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All about 404s

Photo of Daniel Zuccon

Daniel Zuccon

Co-Founder & Operations

Posted: 24 Mar 2020

Starting from the Top

When you request any file from a web server, it returns a 'response code' along in the 'headers' of your request. These 'headers' are hidden from your browser by accessible if you do need to look at it.

Here is what the headers look like for this very blog post:

| HTTP/1.1 200 OK Content-Type: text/html Content-Length: 13418 Connection: keep-alive Date: Sun, 15 Feb 2016 23:37:22 GMT Last-Modified: Mon, 15 Feb 2016 01:02:32 GMT ETag: "dec3f6aecf1af792e608e22401c1b032" Server: AmazonS3 Vary: Accept-Encoding

Response Codes

A '200' response code means "we're all good, here's the file you wanted". See the example above.

A '404' response code means "this file doesn't live here" and then you can then show the user your usual 404 error page.

And for the geeks playing at home, a '418' response code is a little Easter Egg built into the specifications that simply says "I'm a teapot"!

404 Error Pages

Remember that you can display anything that you like on the 404 page.

It's always best to help the user find what they were after on a 404 page rather than them simply closing your website.

This could include:

  • a search box
  • auto suggest some similar pages based on what they tried to access
  • a list of your most popular products/pages

'Soft' 404 Errors

You may have seen these 'Soft 404s' reporting in your Google Search Console.

This happens when you show your user your 404 error page but you are actually returns a '200' server response code to Google.

You definitely want to get these fixed up as it's sending very confusing signals to Google!

Are 404s bad?

The Google Webmaster Blog sums it up well:

404s are a perfectly normal part of the web; the Internet is always changing, new content is born, old content dies, and when it dies it (ideally) returns a 404 HTTP response code.

So 404 errors are not necessarily bad. They are actually the correct way to Google (or any user) that the page is gone (if it's meant to be gone and you don't want it back).

It is actually worse to:

  • 301 redirect everything to your homepage.
  • serve a 200 response on an old broken page (see the 'Soft' 404 error above).

When to 301 Redirect?

1. Always fix the problem at the source first!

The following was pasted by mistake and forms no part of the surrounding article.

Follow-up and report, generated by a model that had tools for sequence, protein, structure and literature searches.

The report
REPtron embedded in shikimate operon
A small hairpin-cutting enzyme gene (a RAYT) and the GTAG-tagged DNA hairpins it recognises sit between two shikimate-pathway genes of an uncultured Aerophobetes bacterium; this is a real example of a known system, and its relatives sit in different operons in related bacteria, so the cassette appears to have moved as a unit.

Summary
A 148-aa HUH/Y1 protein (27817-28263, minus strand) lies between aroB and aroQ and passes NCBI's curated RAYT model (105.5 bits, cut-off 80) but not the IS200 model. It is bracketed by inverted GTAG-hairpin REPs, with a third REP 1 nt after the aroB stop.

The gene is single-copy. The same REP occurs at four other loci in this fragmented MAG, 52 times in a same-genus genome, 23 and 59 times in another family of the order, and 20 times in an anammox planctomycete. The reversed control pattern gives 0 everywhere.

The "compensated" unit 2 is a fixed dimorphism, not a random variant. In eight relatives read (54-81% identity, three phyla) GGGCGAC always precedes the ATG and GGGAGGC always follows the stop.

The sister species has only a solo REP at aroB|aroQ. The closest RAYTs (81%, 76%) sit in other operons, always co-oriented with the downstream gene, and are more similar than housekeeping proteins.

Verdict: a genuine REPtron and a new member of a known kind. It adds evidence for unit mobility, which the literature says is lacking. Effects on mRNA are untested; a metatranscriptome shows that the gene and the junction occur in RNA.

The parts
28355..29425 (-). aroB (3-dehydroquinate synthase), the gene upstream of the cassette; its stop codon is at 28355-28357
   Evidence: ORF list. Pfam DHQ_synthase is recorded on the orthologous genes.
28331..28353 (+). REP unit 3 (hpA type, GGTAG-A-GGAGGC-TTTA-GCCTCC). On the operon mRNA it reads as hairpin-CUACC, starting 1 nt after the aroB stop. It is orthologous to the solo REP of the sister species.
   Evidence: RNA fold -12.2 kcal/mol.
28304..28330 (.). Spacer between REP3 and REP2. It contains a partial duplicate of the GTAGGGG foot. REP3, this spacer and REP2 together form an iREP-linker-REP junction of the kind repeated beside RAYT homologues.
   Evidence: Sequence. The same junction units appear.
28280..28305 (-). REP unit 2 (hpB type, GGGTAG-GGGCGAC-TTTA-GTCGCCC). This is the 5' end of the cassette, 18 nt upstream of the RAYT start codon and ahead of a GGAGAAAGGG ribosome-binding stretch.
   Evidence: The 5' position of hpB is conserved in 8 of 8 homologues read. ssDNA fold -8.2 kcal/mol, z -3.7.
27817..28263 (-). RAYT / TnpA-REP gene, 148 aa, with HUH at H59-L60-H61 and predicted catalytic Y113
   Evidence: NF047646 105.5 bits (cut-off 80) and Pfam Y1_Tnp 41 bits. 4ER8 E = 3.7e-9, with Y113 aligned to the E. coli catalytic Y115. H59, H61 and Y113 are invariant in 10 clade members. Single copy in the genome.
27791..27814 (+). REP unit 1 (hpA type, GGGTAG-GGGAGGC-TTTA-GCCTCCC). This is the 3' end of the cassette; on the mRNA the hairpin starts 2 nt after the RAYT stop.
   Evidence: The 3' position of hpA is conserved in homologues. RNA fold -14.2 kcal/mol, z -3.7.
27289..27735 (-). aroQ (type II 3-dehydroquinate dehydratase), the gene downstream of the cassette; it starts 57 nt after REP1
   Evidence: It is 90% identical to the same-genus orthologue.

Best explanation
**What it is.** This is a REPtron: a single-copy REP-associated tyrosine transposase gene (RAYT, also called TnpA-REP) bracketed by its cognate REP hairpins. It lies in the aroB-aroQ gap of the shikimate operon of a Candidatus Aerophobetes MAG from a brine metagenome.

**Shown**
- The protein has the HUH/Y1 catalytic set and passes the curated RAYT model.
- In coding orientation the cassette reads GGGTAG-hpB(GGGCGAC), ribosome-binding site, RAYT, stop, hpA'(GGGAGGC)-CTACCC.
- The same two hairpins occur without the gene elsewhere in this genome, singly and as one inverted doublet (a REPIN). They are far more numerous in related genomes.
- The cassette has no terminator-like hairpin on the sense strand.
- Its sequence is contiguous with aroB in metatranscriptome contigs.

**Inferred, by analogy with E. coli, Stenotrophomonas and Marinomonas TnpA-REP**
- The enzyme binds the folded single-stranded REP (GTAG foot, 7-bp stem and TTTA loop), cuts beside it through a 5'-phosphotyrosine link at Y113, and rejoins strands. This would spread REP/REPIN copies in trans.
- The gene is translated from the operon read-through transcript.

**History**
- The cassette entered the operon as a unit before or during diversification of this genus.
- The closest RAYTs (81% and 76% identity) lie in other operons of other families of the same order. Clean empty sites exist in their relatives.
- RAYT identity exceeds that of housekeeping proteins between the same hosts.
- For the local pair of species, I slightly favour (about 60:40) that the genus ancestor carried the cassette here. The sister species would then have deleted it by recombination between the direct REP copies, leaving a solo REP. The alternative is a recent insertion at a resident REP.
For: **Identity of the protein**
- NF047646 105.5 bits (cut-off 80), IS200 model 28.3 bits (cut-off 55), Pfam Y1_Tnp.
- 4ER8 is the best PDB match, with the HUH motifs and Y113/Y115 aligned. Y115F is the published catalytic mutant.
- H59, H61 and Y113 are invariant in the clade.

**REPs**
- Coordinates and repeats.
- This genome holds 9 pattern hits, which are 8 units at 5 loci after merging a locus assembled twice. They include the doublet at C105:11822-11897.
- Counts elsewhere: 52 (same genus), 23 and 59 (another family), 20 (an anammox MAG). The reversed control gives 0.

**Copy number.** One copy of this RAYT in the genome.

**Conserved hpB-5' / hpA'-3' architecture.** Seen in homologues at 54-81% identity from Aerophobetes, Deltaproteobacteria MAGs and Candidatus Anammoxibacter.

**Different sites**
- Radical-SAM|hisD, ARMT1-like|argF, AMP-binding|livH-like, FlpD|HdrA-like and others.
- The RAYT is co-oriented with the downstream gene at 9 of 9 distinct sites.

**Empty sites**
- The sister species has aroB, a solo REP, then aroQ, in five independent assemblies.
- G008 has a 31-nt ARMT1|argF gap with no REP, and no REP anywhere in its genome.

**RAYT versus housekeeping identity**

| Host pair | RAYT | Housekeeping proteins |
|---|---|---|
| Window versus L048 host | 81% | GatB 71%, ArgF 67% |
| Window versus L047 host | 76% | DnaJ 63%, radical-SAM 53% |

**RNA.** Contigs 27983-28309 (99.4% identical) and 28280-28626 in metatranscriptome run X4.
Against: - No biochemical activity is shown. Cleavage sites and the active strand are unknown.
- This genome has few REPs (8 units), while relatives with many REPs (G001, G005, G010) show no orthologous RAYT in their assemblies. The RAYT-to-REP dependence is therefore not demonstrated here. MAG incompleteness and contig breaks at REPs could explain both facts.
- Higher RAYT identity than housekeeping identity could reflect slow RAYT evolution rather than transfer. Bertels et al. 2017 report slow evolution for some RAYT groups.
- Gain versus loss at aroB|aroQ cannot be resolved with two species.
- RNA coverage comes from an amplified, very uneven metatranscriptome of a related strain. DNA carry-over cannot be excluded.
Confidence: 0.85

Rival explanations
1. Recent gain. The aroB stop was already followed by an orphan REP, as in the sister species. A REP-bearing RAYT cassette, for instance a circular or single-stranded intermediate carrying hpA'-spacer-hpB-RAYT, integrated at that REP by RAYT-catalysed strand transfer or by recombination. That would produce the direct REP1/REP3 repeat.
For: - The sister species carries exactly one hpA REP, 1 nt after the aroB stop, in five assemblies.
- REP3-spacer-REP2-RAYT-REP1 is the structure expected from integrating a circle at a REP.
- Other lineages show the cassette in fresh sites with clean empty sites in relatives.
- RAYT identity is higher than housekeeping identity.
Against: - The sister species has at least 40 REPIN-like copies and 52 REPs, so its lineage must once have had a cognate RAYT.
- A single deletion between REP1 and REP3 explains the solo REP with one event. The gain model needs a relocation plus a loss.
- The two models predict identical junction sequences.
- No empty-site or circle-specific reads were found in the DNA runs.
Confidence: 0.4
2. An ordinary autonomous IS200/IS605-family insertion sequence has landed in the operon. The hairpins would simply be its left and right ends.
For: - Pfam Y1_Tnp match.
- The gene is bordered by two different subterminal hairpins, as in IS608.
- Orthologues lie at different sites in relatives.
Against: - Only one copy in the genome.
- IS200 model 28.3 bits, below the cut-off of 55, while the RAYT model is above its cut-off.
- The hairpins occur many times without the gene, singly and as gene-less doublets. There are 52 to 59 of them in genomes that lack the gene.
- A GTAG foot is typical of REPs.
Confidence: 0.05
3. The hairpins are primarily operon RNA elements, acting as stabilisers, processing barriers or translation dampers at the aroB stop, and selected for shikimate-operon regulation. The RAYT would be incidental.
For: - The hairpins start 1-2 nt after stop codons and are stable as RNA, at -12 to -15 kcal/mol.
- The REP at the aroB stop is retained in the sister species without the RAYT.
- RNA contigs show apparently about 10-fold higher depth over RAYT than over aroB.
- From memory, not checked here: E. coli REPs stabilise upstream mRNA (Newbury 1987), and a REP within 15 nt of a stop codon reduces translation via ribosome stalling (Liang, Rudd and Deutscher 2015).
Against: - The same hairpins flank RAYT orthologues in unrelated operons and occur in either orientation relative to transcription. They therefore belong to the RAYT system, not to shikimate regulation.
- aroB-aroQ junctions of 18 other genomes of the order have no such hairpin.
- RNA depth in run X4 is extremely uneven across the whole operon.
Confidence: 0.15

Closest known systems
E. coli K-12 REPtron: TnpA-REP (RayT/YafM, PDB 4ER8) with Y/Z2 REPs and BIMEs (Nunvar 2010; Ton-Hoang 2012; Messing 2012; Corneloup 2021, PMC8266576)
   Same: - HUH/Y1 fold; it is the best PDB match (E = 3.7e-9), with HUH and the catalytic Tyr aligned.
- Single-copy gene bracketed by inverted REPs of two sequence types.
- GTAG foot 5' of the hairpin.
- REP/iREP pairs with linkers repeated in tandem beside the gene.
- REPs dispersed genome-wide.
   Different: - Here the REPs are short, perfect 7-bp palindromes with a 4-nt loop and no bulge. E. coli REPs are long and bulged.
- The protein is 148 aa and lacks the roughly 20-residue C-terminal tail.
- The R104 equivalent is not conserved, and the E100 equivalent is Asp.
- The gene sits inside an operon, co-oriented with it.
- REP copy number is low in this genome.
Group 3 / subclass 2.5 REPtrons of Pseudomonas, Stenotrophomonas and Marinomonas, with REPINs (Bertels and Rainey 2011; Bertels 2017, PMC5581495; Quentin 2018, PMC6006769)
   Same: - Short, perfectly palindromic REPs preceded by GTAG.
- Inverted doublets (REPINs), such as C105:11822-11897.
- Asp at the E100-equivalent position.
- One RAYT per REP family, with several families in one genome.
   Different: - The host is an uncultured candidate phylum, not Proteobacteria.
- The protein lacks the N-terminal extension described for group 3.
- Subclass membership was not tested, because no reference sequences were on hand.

A lot of 404's are created because a link to a page is broken has been typed incorrectly.

E.g. " instead of "

Find what page (or multiple) the problem occurred from (Google Search Console tells you this) and get it fixed there.

If the broken URL has been live for a long time, or has important external backlinks pointing at it, it's best to 301 redirect it also. If you only just made the error and then fixed it, it's fine to not 301 that.

2. There are a lot of backlinks going to an old page.

You see this case with a lot of old promotions (especially with subdomains such as You set it up, people link to it, then you pull it down when it's finished.

This is a good one to 301 redirect back to your homepage to get the link juice from, unless you make a new, more appropriate page for it such as a wrap up or case study.

3. There is a lot of traffic going to that page.

Check Google Analytics to see if it's just a once accident where a visitor is hitting a broken page, or if an external website is linking to a broken page. If the latter, you should 301 redirect if you can't get the source fixed up.

4. It is an obvious error.

E.g. If a lot of visitors are trying to hit "" instead of "" that is a good case to use a 301.

5. You made a great PDF resource that has external backlinks pointing at it.

And the PDF file is no longer needed.

When NOT to 301 Redirect?

If any template files (images, JavaScript, CSS, etc.) are broken, you don't 301 redirect those. You need to fix it up at the source in the template code.

Photo of Daniel Zuccon

Daniel Zuccon

Co-Founder & Operations

With over 20 years experience in the industry, Daniel has produced an extensive number of web projects for some of Australia’s largest brands. His passion and interest for web development originated from building his first website in 1998 (in exchange for a skateboard, no less!) to running many successful boutique eCommerce stores and large online communities.

Since then, Daniel has made the leap of co-founding Optimising, the specialist SEO Agency that we know today. From its humble beginnings, the team has grown from a two-man enterprise to a large core team, growing into a highly respected digital agency.


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